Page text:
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Judges put temporary holds on Wyoming and North Dakota “trigger” laws

by | Jul 28, 2022

By Dave Andrusko

Citing provisions in their respective state constitutions, judges in Wyoming and North Dakota temporarily banned pro-life “trigger” laws from going into effect. The Wyoming ban was set to take effect today, the North Dakota law on Thursday.

Gov. Mark Gordon certified Wyoming’s abortion ban.“I believe that the decision to regulate abortion is properly left to the states,” Gordon said in Tweet. “As a pro-life governor, my focus will continue to be on ensuring we are doing all we can to support mothers, children and families.”

The Associated Press reported

Attorneys arguing before Teton County District Judge Melissa Owens, in Jackson, Wyoming, disagreed over whether the state constitution provided a right to abortion that would nullify the state’s abortion “trigger” law that took effect Wednesday.

Owens proved most sympathetic, though, with arguments that the ban left pregnant patients with dangerous complications and their doctors in a difficult position as they balanced serious medical risks against the possibility of prosecution.

“That is a possible irreparable injury to the plaintiffs. They are left with no guidance,” Owens said.

But “Wyoming Special Assistant Attorney General Jay Jerde was skeptical, saying the state constitution neither explicitly nor implicitly allowed abortion,” the Associated Press reported.

“No such right exists. You can’t infringe what isn’t there,” Jerde told Owens.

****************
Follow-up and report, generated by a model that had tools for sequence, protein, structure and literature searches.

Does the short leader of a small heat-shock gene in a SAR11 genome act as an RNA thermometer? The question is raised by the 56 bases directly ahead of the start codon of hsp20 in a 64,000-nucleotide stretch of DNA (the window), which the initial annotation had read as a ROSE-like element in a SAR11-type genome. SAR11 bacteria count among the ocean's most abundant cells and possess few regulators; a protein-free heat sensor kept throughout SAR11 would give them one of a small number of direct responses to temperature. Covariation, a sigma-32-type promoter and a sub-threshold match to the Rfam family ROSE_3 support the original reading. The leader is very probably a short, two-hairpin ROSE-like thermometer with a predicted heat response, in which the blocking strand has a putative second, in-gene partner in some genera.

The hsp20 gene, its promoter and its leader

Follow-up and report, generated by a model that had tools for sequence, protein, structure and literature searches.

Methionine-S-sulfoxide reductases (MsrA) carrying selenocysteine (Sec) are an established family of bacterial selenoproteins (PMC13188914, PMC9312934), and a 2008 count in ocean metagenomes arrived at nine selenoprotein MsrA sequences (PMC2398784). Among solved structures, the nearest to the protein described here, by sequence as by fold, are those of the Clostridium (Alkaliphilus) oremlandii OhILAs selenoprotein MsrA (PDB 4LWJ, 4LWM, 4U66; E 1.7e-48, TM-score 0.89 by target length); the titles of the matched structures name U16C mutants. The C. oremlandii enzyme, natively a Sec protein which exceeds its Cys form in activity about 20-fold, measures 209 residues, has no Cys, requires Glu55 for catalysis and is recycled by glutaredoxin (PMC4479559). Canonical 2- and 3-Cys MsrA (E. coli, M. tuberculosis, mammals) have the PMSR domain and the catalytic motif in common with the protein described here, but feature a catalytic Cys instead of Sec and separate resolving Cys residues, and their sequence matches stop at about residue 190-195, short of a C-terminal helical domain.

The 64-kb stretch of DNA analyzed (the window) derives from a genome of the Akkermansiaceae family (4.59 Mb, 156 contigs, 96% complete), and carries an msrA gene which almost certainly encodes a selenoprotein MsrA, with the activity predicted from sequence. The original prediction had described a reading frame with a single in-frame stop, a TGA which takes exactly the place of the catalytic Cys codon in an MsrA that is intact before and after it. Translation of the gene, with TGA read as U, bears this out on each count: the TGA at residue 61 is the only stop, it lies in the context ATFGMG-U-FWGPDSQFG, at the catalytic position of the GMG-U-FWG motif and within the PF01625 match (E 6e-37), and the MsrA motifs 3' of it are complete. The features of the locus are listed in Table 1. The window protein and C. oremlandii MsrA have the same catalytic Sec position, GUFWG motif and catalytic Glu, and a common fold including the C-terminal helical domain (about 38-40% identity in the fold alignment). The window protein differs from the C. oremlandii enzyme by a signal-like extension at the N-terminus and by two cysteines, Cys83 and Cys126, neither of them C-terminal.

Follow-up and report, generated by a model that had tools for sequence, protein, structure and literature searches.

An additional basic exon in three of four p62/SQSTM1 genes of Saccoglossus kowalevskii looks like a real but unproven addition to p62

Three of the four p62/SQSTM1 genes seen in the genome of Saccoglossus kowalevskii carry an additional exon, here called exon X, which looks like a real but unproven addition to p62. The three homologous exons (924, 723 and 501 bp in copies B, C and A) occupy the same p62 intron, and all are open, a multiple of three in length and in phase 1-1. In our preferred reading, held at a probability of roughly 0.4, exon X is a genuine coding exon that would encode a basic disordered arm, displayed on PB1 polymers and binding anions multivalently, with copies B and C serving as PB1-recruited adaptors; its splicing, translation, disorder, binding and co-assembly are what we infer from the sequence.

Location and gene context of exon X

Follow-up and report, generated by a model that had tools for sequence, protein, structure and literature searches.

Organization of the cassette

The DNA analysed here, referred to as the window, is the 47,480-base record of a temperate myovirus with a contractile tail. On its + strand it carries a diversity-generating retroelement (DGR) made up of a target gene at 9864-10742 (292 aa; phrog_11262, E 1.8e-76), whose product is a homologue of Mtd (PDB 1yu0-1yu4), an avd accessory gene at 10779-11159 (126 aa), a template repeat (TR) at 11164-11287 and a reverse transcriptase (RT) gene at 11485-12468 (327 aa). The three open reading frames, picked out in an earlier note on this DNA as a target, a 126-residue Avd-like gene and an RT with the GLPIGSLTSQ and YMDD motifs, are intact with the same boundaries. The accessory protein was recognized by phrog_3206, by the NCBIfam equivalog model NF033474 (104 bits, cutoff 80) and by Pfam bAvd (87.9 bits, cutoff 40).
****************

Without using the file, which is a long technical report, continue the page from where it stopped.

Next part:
The temporary restraining order that blocks the abortion ban’s enforcement “will last until at least August 10, two weeks from Wednesday’s hearing,” Ellen Gerst and Maya Shimizu Harris reported. “Another hearing to discuss a preliminary injunction, which can last longer than the current block, is set for Aug. 9 in Teton County.”

North Dakota Attorney General Drew Wrigley “certified the Supreme Court decision a few days after the ruling came down in Dobbs v. Jackson Women’s Health Organization,  meaning North Dakota’s trigger ban was due to go into effect on July 28, 30 days after his certification,”  Reid Forgrave reported for the (Minneapolis) Star-Tribune.

However, in North Dakota, Burleigh County District Judge Bruce Romanick “sided with the state’s only abortion clinic that the state had moved fast to let the law take effect,” according to Forgave. “The clinic had argued that a 30-day clock should not have started until the U.S. Supreme Court issued its certified judgment on Tuesday. The ruling will give the Red River clinic more time to relocate a few miles away to Moorhead, Minnesota, where abortion remains legal.”

North Dakota Right to Life labeled the lawsuit a “desperate delay tactic.”

“In a case from 2014, the North Dakota Supreme Court did not find evidence of a constitutional right to have an abortion in our state constitution. Because of this, declaring that there is a constitutional right to abortion is absurd and a waste of time,” McKenzie McCoy, North Dakota Right to Life’s executive director, said in a statement. “North Dakotans have repeatedly shown that we do not want abortion in our state, and the laws affirm that.”

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